Carol Hess is Professor of Music at the University of California, Davis. Her most recent book, Representing the Good Neighbor: Music, Difference, and the Pan American Dream, was published by Oxford University Press in fall 2013.

Saturday, August 2, 2014

C. P. E. Bach at 300

by Annette Richards

In the 300th anniversary year of the birth of Carl Philipp Emanuel Bach (1714–1788), the music of this experimental, ambitious, and ever-elusive composer continues to baffle and amaze listeners, as it did many of Bach’s own contemporaries. Famously, the English music historian and traveling journalist Charles Burney (a self-diagnosed sufferer of Carlophilipemanelbachomania) saw Emanuel Bach as having “outstript his age,” his music “made for another region, or at least another century.” Perhaps. In any case Emanuel Bach’s music is as arresting and original now, in the 21st century, as it was in the Europe of his day.

C. P. E. Bach’s reputation as one of the great German composers of his age rested on choral and orchestral masterpieces as well as his sets of publications for keyboard (and especially the famous Essay on the True Art of Playing Keyboard Instruments, 1753, 1762). Above all, he was the unparalleled master of intimate expression at his favorite instrument, the clavichord. In all genres, Bach’s highly affective music cast new light on, and was heard in terms of, contemporary theories of sentiment and the sublime.


The C. P. E. Bach Jubiläumsjahr 2014 is being observed across Germany and can be followed on a handsome WEBSITE with good video features, audio clips—even a C. P. E. Bach Online-Shop.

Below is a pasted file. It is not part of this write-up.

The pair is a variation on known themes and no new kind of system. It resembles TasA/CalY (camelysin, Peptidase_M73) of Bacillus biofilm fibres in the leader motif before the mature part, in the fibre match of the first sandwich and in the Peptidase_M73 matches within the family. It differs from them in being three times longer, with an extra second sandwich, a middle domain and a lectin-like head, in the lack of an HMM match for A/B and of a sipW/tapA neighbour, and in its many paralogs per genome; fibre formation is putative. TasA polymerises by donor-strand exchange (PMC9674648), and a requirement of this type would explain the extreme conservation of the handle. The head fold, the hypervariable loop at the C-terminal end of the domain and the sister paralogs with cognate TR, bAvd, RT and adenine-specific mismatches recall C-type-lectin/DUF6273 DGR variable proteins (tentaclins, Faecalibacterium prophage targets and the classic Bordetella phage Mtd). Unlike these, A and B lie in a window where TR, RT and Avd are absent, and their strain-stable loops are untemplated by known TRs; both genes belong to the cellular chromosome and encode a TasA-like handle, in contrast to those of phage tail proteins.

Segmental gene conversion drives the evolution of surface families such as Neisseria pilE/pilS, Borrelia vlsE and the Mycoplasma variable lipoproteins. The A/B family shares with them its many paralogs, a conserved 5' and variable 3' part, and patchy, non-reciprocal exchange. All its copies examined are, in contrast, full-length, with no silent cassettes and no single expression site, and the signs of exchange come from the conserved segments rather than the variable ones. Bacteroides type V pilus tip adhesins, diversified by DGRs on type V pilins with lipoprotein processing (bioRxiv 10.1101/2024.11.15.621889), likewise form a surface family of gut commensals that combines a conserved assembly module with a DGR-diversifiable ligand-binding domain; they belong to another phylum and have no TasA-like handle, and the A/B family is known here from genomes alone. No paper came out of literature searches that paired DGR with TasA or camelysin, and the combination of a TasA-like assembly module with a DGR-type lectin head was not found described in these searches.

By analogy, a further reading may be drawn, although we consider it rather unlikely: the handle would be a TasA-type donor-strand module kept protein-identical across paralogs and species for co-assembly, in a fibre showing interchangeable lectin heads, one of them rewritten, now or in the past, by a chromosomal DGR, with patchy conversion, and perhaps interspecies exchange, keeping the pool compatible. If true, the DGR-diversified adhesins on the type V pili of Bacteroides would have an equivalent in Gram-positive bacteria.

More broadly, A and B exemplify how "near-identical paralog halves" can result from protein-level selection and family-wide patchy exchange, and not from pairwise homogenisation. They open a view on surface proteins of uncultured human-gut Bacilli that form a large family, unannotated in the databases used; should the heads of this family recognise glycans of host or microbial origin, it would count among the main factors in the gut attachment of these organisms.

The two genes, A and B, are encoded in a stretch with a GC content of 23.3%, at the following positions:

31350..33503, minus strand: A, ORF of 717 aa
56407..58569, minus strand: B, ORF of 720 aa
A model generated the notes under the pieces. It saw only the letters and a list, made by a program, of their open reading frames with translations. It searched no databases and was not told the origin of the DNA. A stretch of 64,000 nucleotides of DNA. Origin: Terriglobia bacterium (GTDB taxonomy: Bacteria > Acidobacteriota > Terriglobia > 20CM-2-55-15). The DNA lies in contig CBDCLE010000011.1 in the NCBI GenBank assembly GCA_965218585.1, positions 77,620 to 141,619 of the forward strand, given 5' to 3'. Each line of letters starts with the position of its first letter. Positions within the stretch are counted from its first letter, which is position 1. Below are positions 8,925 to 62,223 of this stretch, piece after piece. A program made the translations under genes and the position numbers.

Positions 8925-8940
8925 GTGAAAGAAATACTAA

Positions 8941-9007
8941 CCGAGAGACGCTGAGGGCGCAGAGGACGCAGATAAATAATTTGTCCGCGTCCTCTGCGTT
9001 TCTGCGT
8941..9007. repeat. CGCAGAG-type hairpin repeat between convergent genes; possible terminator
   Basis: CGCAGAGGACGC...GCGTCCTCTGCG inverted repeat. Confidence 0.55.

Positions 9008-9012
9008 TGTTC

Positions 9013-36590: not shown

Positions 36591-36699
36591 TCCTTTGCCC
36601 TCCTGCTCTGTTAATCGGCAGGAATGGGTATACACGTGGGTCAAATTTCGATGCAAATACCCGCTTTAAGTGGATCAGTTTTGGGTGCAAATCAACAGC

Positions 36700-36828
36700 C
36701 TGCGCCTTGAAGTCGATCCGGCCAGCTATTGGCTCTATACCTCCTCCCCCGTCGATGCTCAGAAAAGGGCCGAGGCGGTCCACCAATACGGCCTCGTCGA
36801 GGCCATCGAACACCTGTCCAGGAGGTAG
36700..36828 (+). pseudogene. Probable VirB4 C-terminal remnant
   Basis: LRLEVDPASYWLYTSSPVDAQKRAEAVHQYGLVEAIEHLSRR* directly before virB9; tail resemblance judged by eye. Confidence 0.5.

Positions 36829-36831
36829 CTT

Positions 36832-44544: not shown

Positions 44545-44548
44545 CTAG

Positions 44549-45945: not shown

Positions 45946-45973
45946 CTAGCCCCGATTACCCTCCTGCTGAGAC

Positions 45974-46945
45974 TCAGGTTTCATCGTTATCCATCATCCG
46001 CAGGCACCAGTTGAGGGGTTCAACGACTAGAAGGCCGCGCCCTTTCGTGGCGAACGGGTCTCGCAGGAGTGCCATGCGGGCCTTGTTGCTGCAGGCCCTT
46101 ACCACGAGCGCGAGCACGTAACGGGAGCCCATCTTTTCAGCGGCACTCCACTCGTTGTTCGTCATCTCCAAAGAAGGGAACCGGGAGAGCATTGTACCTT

In Ithaca, New York, this October 2–5, the Westfield Center for Historical Keyboard Studies and the Cornell Department of Music will present the celebratory conference and concert festival Sensation and Sensibility at the Keyboard in the Late 18th Century.

The Cornell conference will explore the constellation of philosophical and aesthetic ideas, and the conditions of musical production and reception, clustered around concepts of sentiment, feeling, and sensation in Emanuel Bach's sublime and idiosyncratic art. Topics will include notions of Empfindsamkeit (sensibility) and theories of sensing, from medical inquiries into the physiology of the nervous system, to the operation of the inner fibres of the aural canal in sensitive listening, to the effects of Bebung at the clavichord; theories of expression and vocality, from the musical ode to singing with the fingers at the keyboard (Bach’s famous “cantabile” style); from concepts of melancholy and pain to theories of narrative and humor in the Hamburg Bach circle.

And looking beyond Northern Europe, a significant section of the conference and festival will consider American contributions to the (keyboard) culture of sensibility, from Benjamin Franklin’s glass harmonica to, in a reverberant after-echo, the Chickering-Dolmetsch clavichords of late nineteenth-century Boston. Concerts during the festival will feature the clavichord, fortepiano, harpsichord, and organ, as well as the period instrument ensemble Ars Lyrica Houston. A full list of participants and preliminary concert program may be found HERE.